AVS Historical Persons | James M. Lafferty - 2003

James M. Lafferty - 2003

Oral History Interview by James M. Lafferty

April 27, 2003
lafferty2.jpgI'm Jim Lafferty. I'm in my study in Schenectady, New York. The date is April the 27th, which incidentally happens to be my 87th birthday. The purpose of this video is to review my activities with the American Vacuum Society.

I first became actively involved with the AVS in 1962 when Don Santeler was President and asked me to fill the unexpired term of a member of the Board of Directors. I guess he thought I had an interest in vacuum because I had just finished revising a new edition of Sol Dushman's classic book "Scientific Foundations of Vacuum Technique," Incidentally, over 13,000 copies of this book were sold until it went out of print in the early1990s.

I found the AVS a young, interesting, aggressive organization and I stayed on the Board of Directors for three more years, serving as chairman of a number of committees. Then, in 1965, Will Matheson1 retired as the Secretary-Clerk of AVS and I became the new Secretary. 

By 1967, the AVS had grown to where it had over 3000 members and taking care of the membership activities had become a full time job. For this reason, I took my car and went over to Boston and picked up two file cabinets of Will Matheson's and took them to New York to the headquarters of the American Institute of Physics. We had become an affiliate of AIP by this time and they provided us with a full time secretary, Nancy Hammond. Later, she went back to Boston, to Will Matheson's house, and picked up some additional papers which she found under the bed and in the basement and various places in his house. 

In 1968, I was elected President2 of AVS. The 1960's were formative years for the society. If the Board of Directors had insisted on limiting the activities of the society to the production & measurement of vacuum, as some members wanted to do, it is doubtful if the society would be in existence today. At best it would have a greatly diminished level of activity. Fortunately, the Board of Directors formed new divisions to provide a home and support for these new disciplines which had benefited most from improved vacuum technology. These included3 the Vacuum Metallurgy Division, the Thin Film Division, the Surface Science Division, the Electronic Materials and Processing Division and a Fusion Technology Division. To keep the tail from wagging the dog that started all of this, the vacuum technologists, in self defense, formed their own Vacuum Technology Division. Three of these divisions were started during my administration.

Lafferty.JPGWhile President, it occurred to me that the AVS should establish an award to recognize and encourage outstanding theoretical and experimental research in vacuum science and related fields of interest to the divisions, I had in mind that the award would consist of a gold medal, a certificate and a monetary prize and that it would be called the Sol Dushman award in honor of the grand old man who, in 1949, published the classic book "Scientific Foundations of Vacuum Technique." But it turned out that financial support was not forthcoming from his institution. So I turned to the ARIES Institution for financial help through my friend Luther Preuss, a close friend of the Welch family. This approach was more successful and the institute provided funds to get the award started and the AVS later subsidized the fund with an endowment to ensure that the award would be given in perpetuity. The award was called the Medard W. Welch Award because Welch had been a close friend of the AVS, participating in its formation and later as its President. The first Welch award was given in 1970.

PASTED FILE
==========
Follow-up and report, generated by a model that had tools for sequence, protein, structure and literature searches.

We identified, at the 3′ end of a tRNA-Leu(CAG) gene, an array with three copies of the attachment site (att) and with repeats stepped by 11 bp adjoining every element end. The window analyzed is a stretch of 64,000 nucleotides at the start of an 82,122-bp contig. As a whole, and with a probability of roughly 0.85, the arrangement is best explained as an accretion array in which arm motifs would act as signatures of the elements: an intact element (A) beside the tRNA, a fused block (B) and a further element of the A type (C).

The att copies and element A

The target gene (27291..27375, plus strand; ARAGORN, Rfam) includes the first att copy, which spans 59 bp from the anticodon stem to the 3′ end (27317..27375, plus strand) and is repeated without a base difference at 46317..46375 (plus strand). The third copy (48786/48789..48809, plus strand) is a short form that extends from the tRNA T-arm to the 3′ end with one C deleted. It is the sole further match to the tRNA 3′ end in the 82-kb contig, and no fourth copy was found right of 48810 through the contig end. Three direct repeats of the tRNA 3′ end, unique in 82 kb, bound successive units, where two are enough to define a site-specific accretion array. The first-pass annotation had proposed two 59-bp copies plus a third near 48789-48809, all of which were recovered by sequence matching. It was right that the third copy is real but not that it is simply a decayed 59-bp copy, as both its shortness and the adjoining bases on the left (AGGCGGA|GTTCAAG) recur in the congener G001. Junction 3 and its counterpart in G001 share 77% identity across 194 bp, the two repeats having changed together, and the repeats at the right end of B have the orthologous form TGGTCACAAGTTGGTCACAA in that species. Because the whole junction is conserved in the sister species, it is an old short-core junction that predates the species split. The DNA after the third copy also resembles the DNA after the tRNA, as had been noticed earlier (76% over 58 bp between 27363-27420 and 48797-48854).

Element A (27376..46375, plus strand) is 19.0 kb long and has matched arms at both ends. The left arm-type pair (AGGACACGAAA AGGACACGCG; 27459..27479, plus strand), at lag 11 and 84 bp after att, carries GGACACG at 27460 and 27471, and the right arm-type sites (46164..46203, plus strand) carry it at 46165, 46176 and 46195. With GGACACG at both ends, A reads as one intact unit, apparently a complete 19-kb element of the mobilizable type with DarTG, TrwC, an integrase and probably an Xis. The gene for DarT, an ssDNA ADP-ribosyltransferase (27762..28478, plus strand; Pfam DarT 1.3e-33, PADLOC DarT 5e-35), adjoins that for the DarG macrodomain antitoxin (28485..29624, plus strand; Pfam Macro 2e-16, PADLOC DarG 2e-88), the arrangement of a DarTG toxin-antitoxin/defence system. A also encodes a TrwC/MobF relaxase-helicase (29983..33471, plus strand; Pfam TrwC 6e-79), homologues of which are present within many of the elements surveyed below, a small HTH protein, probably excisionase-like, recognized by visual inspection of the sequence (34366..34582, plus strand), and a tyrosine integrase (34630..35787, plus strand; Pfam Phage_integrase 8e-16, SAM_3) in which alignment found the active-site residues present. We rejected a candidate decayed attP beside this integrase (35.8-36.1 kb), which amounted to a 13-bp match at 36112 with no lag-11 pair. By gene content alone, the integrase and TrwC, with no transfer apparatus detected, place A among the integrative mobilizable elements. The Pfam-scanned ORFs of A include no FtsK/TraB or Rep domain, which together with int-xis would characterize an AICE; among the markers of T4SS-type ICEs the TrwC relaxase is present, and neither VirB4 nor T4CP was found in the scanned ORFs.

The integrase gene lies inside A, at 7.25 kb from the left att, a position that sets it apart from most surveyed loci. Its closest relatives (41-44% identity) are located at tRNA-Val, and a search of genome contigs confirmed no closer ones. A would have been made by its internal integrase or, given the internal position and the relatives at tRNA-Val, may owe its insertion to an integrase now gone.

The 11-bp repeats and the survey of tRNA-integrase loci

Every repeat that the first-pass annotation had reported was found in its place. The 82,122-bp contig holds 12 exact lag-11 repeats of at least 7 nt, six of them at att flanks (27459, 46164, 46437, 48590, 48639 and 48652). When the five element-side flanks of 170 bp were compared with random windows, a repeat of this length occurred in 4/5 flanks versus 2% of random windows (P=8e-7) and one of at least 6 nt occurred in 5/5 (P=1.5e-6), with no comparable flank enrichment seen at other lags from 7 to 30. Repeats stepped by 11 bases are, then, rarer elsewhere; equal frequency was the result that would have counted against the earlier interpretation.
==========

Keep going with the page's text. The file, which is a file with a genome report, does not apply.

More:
In 1972, when I was the Chairman of the Awards, Grants & Scholarships committee, I had the pleasure of presenting the third Welch Award to Kenneth Hickman. Not long after receiving the award, he approached me on establishing another major award for the AVS but he did not want to distract from the Welch Award. After long discussions on the subject, he decided that his award would be called a prize, the Gaede-Langmuir Prize, to distinguish it from the Welch Award. 

In addition to a $2,000 cash prize, there would be an antique silver plaque with the busts of Gaede & Langmuir facing each other from opposite sides. With tongue in cheek and a smile, he said "at last we have got these two great gentlemen together." What he was referring to, of course, was the feuding that went on between Gaede and Langmuir concerning the principles of operation of their vapor pumps; the Gaede diffusion pump and the Langmuir condensation pump. Hickman stipulated that his prize should be given only for single discoveries or inventions in the fields of interest to AVS and only when an outstanding candidate appeared, and in no case more often than once every two years. The first Prize was awarded in 1978. 

In 1970, when Ron Bunshah was AVS President, he asked me if I would serve as AVS counsellor to the IUVSTA, the International Union for Vacuum Science, Technique and Applications. I agreed to do this and served two terms as counsellor until 1977 when I was elected President-elect. This was the beginning of a nine year stint, three years as President-elect, three years as President, and three years as Immediate Past President.

When I became President, the Union was in deep financial trouble and on the verge of going bankrupt. At this time, the secretariat, that is the headquarters of the Union, was in London at the British Institute of Physics and a Mr. Walter had assumed the post of Executive Secretary. He had become carried away with his position and it got to the point where he had practically run the whole organization. With the additional help he had hired, he was setting agendas, recording and publishing minutes of practically all of the Union's activities.